Get used to it: Missouri Senate hopeful Todd Akin is in it for the long haul:
A defiant Rep. Todd Akin made it official today, saying once again he will not drop out of the Missouri Senate race.
Today was the last day Akin could be removed from the November ballot -- something top Republicans had sought since he made comments in August about "legitimate rape."
As ministers and social conservatives such as Phyllis Schafly stood at his side, Akin said at a news conference that the people of Missouri spoke when they elected him the Republican Party's nominee to face Democrat Claire McCaskill.
"It's not really my decision," Akin said. "I have one purpose going into November and that's replacing Claire McCaskill."
McCaskill unveiled a campaign ad today, hitting Akin on the "legitimate rape" comment. The commercial begins with Akin's comments from March saying he didn't like Social Security, and it includes other remarks from the Republican on Medicare, minimum wage and student loans. "What will he say next?" the McCaskill commercial asks.
Akin has repeatedly apologized for saying in a TV interview that women can prevent pregnancies in cases of "legitimate rape." The National Republican Senatorial Committee has withdrawn funding for the Missouri race, one of a handful that could decide which party controls power. Akin launched a "Missouri Common Sense" bus tour today, which will conclude Friday.
Congressman Akin should have dropped out of the race a long, long time ago. Virtually every Republican under the sun -- including the 2012 Republican presidential nominee -- instructed him to do so. He didn’t. And now -- to the dismay of many on the Right -- it’s too late (unless, of course, he decides to end his Senate bid at a later date, thereby serving his opponent the election on a silver platter). Thankfully, I suspect that won't happen.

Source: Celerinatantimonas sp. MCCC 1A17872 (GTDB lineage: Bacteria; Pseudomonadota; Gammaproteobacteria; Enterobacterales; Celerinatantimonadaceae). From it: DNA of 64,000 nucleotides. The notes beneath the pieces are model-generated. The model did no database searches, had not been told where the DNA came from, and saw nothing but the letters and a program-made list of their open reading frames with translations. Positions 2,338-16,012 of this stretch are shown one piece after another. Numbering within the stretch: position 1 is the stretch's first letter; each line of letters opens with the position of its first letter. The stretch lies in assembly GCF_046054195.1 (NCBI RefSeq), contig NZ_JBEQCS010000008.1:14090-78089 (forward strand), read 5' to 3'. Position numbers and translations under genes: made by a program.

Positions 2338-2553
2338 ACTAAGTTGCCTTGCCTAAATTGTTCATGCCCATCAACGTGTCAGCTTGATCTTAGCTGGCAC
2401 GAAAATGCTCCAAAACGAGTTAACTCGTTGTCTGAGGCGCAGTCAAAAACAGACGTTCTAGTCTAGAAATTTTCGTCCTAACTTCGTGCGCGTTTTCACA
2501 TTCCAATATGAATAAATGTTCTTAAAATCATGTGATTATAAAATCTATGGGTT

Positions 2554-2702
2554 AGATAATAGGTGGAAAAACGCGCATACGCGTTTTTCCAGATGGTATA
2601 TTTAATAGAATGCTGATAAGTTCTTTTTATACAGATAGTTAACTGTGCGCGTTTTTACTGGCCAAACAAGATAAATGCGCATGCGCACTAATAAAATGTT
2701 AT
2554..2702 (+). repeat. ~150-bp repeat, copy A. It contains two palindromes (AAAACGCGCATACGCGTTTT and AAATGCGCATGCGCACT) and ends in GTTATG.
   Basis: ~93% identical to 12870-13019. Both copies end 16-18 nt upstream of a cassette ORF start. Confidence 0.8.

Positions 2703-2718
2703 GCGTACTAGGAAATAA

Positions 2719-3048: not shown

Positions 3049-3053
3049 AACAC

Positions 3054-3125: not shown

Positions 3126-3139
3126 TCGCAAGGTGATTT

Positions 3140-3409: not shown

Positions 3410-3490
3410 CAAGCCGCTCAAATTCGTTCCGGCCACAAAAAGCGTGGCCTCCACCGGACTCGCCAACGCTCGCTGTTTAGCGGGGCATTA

But more to the point: Should conservatives support him in November? I mean, despite the fact the NRSC cut him off financially and his Republican allies have abandoned him en masse, he technically did apologize. And as Guy noted last week, the GOP has a real opportunity to retake the Senate in November. It would be, I think, a shame to give up on a seat occupied by a vulnerable (and deeply unpopular) liberal Democrat. Exit question: Should Republicans support Todd Akin's Senatorial campaign (especially now that his name can't be removed from the November ballot) or were his “legitimate rape” comments evidence enough he is unfit to serve in the upper chamber? Feel free to leave your thoughts in the comments section below…